Per the The Protecting Americans from Tax Hikes (PATH) Act of 2015, deadlines for filing W-2 and 1099 tax forms have been accelerated by 60 days - for both paper and electronic filings. Consequently beginning 2017, for the 2016 reporting year, forms need to be provided to both tax-payers and the IRS / SSA by January 31st. When this falls on a business holiday or weekend (as it does this year) the deadline is pushed to the next business day. So what do these changes mean for the IRS and what do they mean for the tax filer?
The new deadline is expected to dramatically reduce tax refund fraud, a growing problem for the IRS whose fraudulent tax refunds (at least the ones they were able to identify) are close to $230 million. Specifically identity tax refund fraud has been an issue and the fight against it slowed down by the process to verify income with employers. Simultaneous filings allow for easy verification of income and no need to work with employers on the issue.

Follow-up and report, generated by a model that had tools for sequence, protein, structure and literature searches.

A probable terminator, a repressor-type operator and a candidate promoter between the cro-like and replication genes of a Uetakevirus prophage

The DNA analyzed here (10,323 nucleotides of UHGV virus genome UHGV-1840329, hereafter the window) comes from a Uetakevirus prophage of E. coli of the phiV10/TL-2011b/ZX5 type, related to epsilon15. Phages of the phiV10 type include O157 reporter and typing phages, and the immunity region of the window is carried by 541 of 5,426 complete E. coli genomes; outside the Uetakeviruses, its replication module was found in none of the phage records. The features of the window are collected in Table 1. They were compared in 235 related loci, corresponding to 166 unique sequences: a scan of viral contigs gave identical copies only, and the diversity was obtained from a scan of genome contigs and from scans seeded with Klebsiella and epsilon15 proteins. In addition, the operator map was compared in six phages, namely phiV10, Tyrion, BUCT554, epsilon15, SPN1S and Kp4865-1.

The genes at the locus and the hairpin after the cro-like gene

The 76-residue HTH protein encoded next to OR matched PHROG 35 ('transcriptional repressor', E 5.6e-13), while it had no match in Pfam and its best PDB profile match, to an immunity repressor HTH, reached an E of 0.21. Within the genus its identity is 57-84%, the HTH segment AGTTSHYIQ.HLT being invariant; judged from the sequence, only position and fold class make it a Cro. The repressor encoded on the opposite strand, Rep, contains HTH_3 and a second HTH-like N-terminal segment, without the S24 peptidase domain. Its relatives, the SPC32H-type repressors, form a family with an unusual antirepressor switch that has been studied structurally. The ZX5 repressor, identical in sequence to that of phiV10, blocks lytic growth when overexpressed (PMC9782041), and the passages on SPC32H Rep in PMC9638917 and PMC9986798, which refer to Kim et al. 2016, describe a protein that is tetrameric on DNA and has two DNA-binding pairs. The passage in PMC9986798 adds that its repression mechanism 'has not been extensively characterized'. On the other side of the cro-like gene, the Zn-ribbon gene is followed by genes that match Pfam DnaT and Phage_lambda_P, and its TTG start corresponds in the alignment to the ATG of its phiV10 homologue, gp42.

Previously W-2 and 1099 forms had to be provided to tax payers by January 31st then edited and filed with the IRS / SSA by February 28th for paper forms and March 31st for e-forms. Filing with the IRS / SSA by January 31st makes it so that the deadline is not only 60 days earlier but also coincide with the filing deadlines for Forms 1095-B and 1095-C so
What’s more, the typical 30 day extensions made available by filing a 8809 before or on January 31st, as well as the further 30 day extension for e-files out to May, will be no longer available for the 2016 reporting year. So in other words, January will be an incredibly huge time crunch for payroll and billing. Be kind to your accountants. *One exception where the deadlines are not accelerated, is for 1099-MISC forms that have Box 7 empty.
The previous deadlines allowed for a period where forms would be filed with recipient’s first then, any necessary changes would be made before filing with the IRS or SSA. This entire process is now sidestepped with ultimately simultaneous filings with recipients and the IRS / SSA. This also means that any post end of the year changes and corrections will need to be evaluated and submitted as soon as possible, within the month of January.